## Tuesday, 11 October 2016

### Four Doors Problem (Not Really Monty)

I'm revisiting Monty because he's so much fun!  That said, the scenario isn't really related to the Monty Hall problem, other than it involves doors (four rather than three) and there is a preferred prize … who wouldn't want the chance to win a goat?

This time, Monty has four doors, each with a little platform in front of it.  Three of the doors have goats behind them and the other one has a large sum of money, a million dollars.  Monty knows which door has the cash behind it.  For ease of reference, the doors are labelled 1, 2, 3 and 4 while the platforms are colour coded: Red, Green, Yellow and Blue.

Rather than selecting a door and being offered the chance to switch, you now have the opportunity to question Monty.  The problem, as it is explained to you, is that Monty can only answer you when standing on one of the four platforms and, depending on which platform he is standing on, he will give you a different sort of answer:

the truth,

a lie,

the truth or a lie - but alternating, so a 50% probability of starting with a lie and then alternating, and

a totally random answer (with a uniform distribution, so 50-50 on a yes-no question, 33-33-33 on an x-y-z question and so on).

Each time you ask Monty a question, the amount of money behind the door is halved.  While you can move him to any platform you like without affecting the prize value, you don't know which colour platform triggers Monty to respond in which way.

So, the metaquestions are these:

What is the optimal number of questions to ask (see below)?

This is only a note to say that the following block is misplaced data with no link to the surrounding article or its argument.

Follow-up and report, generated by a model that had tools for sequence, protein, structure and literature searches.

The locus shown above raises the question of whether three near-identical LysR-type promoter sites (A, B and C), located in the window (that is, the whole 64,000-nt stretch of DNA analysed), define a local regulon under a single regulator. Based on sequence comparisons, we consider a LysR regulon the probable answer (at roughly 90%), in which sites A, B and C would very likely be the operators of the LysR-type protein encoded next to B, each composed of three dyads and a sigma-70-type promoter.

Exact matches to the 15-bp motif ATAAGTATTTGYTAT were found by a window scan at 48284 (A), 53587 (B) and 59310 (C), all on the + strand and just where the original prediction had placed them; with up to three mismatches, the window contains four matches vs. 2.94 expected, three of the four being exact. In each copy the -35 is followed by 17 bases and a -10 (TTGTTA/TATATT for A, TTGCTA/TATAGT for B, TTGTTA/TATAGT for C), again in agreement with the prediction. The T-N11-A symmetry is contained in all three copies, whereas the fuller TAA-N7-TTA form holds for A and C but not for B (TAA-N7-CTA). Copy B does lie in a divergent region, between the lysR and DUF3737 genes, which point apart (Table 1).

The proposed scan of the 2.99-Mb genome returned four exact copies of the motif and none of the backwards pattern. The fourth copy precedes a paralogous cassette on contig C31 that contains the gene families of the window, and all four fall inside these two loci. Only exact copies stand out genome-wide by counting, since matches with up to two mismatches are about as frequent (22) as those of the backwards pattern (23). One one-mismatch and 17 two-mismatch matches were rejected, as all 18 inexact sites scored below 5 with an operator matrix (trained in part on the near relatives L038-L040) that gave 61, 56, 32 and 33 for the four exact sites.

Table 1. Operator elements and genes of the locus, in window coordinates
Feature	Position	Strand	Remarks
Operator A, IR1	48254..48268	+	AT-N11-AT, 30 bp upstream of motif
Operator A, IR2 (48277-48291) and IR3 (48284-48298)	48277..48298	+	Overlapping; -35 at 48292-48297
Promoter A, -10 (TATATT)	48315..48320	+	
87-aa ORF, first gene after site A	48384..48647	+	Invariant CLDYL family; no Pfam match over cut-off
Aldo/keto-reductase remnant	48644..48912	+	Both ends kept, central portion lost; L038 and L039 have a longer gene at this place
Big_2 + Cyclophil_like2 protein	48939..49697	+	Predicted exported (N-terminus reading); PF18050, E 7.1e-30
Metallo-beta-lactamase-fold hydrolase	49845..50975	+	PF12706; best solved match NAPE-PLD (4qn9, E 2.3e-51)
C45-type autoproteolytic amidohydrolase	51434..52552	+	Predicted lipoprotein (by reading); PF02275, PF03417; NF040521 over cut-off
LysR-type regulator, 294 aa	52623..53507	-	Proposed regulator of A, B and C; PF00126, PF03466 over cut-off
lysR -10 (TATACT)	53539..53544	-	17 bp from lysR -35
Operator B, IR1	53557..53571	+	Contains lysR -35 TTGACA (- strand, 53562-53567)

What is the value of your final position (see below)?

What would your questions be? and

How many platforms do you get Monty to stand on?

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By value, I mean that a 25% chance of winning a million would be worth \$250,000.  By optimal, I mean the number of questions that result in highest value.  Note that while they strictly are of equal value in a sense, I'd still put a certainty of winning \$250,000 above the 25% chance of winning a million for psychological reasons - because we tend to prefer certainty over risk.  We are inherently loss averse which means that the 25% probability of winning a million has to be balanced against the 75% probability of having given away the certainty of \$250,000.  If you need to choose between two otherwise equal "values", consider the one with less risk as (closer to) optimal.  (Alternatively, think about the fact that you'll have a goat to deal with if you open the wrong door!  Let's assume that you don't want a goat and would consider winning one as an impost.)

Note that if you could only reach absolute certainty after four questions, then the start position of a 25% chance of taking home a million (along with a 75% chance of winning a goat) would have about four times as much "value" as \$62,500 in the bank.  Hint: you can get there in less than four questions.

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If you like, you can just forget about the goats.  They really aren't important.